Created since 1870, these Tracing Archives today represent an enormous collection. For instance, the files for the Second World War contain more than 36 million of index cards. Apart from the “paper” documents, the ICRC public archives also contain audio-visual material, with a very huge collection of films, videos, sounds and photos. Each of these collections are managed by archivists who are specialists in the topic. If these archives have historical value, they also continue to fulfil humanitarian purposes, because they are still used to deliver captivity attestation, which are used by the beneficiaries to officially claim their rights to compensation linked to their status of former victims. In this sense, the Tracing archives are still “living” archives. The importance of the ICRC Tracing Agency has been recognized at an international level; in 2007, the UNESCO has decided to put the Archives of the International Agency for Prisoners-of-War down for the Memory of the World Register (1) recognizing the world importance of these archives.

Being an institution of Swiss private law, the ICRC has no formal legal obligation to keep and to communicate its archives. And, for a long time, the ICRC general archives have been closed to the public consultation. In 1973, the ICRC edited its first archives rules, granting an access on derogation only. But, under criticism for its non-transparency about its history, especially those of the Second World War, the ICRC decided in 1996, after long internal discussions, to open its archives for the period 1863-1950. This decision was taken to respond to the wish expressed by historians to consult ICRC documents, but also by several memorial institutions such as Yad Washem World Centre for Teaching the Holocaust (Jerusalem), the United States Holocaust Memorial Museum (Washington) and the Centre de documentation juive contemporaine (Paris), which wanted to complete their own collections with ICRC material. Copies of the ICRC pertinent archives (for instance, those dealing with the ICRC activities for the deportees) were offered to these institutions.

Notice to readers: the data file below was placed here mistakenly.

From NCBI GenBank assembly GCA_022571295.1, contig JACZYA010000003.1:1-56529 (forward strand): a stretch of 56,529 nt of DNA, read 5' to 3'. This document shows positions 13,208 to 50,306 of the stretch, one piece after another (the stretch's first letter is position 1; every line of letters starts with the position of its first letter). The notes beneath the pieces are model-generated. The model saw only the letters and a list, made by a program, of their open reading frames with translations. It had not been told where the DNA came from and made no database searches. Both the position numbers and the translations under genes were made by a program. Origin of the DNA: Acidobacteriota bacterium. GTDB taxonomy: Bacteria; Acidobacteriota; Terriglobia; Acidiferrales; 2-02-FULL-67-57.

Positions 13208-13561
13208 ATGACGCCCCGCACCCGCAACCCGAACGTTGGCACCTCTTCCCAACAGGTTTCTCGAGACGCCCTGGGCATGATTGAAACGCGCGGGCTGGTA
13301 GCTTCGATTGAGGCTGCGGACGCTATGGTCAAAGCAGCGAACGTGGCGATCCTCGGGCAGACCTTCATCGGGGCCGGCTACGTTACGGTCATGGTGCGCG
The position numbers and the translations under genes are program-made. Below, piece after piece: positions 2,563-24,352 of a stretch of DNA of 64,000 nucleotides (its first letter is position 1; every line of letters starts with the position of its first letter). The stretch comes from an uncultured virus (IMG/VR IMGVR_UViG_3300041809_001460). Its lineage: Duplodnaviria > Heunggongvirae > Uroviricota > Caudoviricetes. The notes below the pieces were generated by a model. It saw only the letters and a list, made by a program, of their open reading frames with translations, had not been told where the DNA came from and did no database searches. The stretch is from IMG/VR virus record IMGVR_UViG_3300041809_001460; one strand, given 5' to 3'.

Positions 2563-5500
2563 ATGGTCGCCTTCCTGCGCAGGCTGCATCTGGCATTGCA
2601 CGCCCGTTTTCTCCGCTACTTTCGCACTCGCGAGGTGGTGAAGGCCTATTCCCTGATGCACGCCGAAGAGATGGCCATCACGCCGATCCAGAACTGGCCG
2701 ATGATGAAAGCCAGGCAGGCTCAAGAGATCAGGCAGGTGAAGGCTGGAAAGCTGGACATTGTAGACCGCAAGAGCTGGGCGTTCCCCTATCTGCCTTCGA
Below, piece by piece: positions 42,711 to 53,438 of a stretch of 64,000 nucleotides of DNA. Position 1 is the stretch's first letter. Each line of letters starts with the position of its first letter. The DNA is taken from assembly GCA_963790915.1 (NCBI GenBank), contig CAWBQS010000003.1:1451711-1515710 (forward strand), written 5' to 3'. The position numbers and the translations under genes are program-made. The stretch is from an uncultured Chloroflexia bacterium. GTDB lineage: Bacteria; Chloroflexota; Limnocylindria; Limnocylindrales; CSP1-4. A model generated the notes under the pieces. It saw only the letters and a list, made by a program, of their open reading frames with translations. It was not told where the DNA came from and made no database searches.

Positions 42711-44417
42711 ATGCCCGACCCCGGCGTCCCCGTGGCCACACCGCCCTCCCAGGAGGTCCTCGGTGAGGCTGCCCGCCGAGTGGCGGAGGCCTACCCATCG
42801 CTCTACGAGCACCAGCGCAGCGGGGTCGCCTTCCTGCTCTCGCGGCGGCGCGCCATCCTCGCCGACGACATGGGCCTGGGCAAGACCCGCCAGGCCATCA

It is obvious that not only historical but political considerations also underlay the ICRC decision. For this first declassification, new access rules have been drafted, and revised after the second declassification, which took place in 2004, and made public a new period of the ICRC general archives (1950-1965). Under these new regulations, the general archives over 40 years are open to the public; but general archives containing personal or medical information are submitted to a protection delay of 60 years. A third process of declassification was launched in 2010 for the period 1966-1970, but it encountered strong resistance inside the ICRC. The declassification has been delayed until June 2015, when the general archives covering the period 1966-1975 have been opened. With this third opening, more than 8,000 linear meters of documentation are now accessible to researchers interested on the history of the ICRC, of the Red Cross Movement, of humanitarian law and humanitarian assistance, and more generally on the history of wars and its victims.

Further Reading

Online Resources:

ICRC Archives site:

On the ICRC history:

Short Biographical Note on Contributor

Daniel Palmieri is a historian at the ICRC. He was a participant of the Global Humanitarianism Research Academy (GHRA) 2015.